3

Chopping vegetables for dinner. My 8 and 9 year olds can do this. My 4 year old helps out with this for softer vegetables. She can use a butter knife, so there's no danger of her getting cut. It doesn't look as nice as when I do it, but still tastes fine. Just about any part of cooking they can do, with supervision depending on age and maturity. Added ...


3

I think this is also one of those things that depends on the child. My son LOVES to help out whenever we do things, cooking, shoveling snow, raking the yard and so on. Some cooking tasks he is great with, such as mixing and measuring, but I wouldn't have him do certain other things. I'll let him try something that I think he is ready for, such as raking ...


2

Have you tried the reward scenario? Our three get a small amount of pocket money every week. If they help out with chores they can earn more, and the amount depends on how onerous the chore is. When they are saving up for some special toy they become very helpful. From a less commercial standpoint, have you looked at how you approach chores? If you always ...


2

So of course GdD's answer that there isn't a definitive answer is absolutely true in that no two kids are alike and one must gauge where an individual is at any given time. Still, there are guidelines of what can typically be expected at certain age levels. So far, I have found this list to be fairly accurate in our home, but it is missing quite a few ...


1

In my household I simply expect everybody to contribute. Of course, that's only according to their abilities, and of course children should have lots of free time left. But there are chores to be done, and some of them are done by the kids. Their sole incentive doing them is that they contribute to the community they live in. Over the years we have ...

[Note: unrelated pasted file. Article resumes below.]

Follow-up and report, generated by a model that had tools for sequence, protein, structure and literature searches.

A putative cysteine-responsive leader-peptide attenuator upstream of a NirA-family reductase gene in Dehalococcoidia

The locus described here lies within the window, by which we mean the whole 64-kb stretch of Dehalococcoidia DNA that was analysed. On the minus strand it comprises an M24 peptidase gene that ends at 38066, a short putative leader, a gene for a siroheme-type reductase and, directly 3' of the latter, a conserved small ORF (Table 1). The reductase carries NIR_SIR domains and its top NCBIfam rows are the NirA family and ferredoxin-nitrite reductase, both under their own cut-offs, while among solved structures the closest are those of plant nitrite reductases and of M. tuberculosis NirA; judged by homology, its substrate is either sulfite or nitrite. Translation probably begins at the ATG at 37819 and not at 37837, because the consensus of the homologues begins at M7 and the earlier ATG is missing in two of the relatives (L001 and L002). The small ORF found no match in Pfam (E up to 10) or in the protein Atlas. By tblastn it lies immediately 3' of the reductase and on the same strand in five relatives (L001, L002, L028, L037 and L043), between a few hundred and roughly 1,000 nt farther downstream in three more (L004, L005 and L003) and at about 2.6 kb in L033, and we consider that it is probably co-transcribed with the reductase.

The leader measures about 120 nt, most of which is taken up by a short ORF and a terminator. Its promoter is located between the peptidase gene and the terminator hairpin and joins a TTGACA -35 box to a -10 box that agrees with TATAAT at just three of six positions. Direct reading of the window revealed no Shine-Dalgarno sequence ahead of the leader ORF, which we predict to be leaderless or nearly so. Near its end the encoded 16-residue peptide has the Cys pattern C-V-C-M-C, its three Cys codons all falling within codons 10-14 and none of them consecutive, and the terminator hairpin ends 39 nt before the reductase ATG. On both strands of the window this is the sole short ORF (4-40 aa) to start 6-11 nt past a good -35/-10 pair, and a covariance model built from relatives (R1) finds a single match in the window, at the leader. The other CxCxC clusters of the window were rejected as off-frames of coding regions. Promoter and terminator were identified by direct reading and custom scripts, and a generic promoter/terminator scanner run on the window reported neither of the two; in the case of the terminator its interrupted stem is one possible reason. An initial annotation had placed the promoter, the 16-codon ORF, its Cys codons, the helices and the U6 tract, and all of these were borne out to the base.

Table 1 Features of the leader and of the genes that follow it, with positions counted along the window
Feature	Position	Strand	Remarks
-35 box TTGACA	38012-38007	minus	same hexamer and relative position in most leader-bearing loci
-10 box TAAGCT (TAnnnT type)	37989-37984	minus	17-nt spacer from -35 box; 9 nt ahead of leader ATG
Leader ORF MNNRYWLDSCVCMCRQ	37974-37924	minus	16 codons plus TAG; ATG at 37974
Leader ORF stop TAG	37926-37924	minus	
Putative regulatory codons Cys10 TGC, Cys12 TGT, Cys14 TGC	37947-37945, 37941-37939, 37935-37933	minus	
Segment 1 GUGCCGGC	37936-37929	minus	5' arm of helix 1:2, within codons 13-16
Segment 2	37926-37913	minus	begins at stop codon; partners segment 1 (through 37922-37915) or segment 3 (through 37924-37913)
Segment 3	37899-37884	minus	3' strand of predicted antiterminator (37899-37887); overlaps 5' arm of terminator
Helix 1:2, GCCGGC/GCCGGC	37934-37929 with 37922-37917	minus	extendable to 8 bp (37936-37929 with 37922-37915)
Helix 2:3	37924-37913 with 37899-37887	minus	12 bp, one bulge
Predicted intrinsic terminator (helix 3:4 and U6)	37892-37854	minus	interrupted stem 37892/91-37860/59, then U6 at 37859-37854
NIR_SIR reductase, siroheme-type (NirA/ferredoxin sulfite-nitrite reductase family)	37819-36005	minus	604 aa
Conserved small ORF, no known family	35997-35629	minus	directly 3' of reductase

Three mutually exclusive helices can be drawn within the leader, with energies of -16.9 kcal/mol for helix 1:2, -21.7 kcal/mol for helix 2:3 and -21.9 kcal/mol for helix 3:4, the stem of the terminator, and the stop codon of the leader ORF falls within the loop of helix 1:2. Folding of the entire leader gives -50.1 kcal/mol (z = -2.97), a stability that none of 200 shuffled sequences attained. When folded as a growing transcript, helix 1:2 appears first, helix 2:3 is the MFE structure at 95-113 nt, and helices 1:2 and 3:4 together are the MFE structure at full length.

1

A blog I read suggested giving a task that must be done to the youngest child capable. This is because than the child gets a "big person" job, and not the same childish job they have been doing for a long while. Also, older children see their younger siblings are also asked to help out. Children frequently are motivated by thinking of themselves as more ...


1

My favorite resources for this issue are Chores Without Wars and Positive Discipline. As Rory says, family work is the responsibility of all family members (at varying levels based on age/development/abilities/etc). Positive Discipline outlines exactly how to go about implementing this using regular family meetings. A nice blog for what this actually looks ...


1

Many children, instead of being motivated by reward are motivated by being in control. Having worked with kids with OD (oppositional Disorder), I've learned how kids can use bad behavior to prove to themselves they are in control when they feel they are being controlled. I am not saying your kid is OD, but she definitely sounds like she is one of those ...


1

A possibility is to have a family meeting with the stated goal of working out the reward(s) for chores. If you present the chores as a done deal, but meet to discuss their ideas for what they get for doing the chores, then you are far more likely to get buy-in. We did this with our four (ages 13 to 4) and it's been perceptibly better.


1

Clearly depends on how mature the child is, not how old they are.


1

This list assumes you are using child friendly and organic cleansers. Depending on the type of vacuum you have, he might be able to help with that. If you have an upright it will be too much but cannister vacs mean the part the child is moving around a lot are lighter weight so he can do that. You can also spray a mirror and have him wipe the bottom while ...


1

My son wants to participate in most of the household things watering plants Cleaning some mess taking out cups and dropping in sink Brings any small objects when we ask for like remote, paper, Books, phone etc.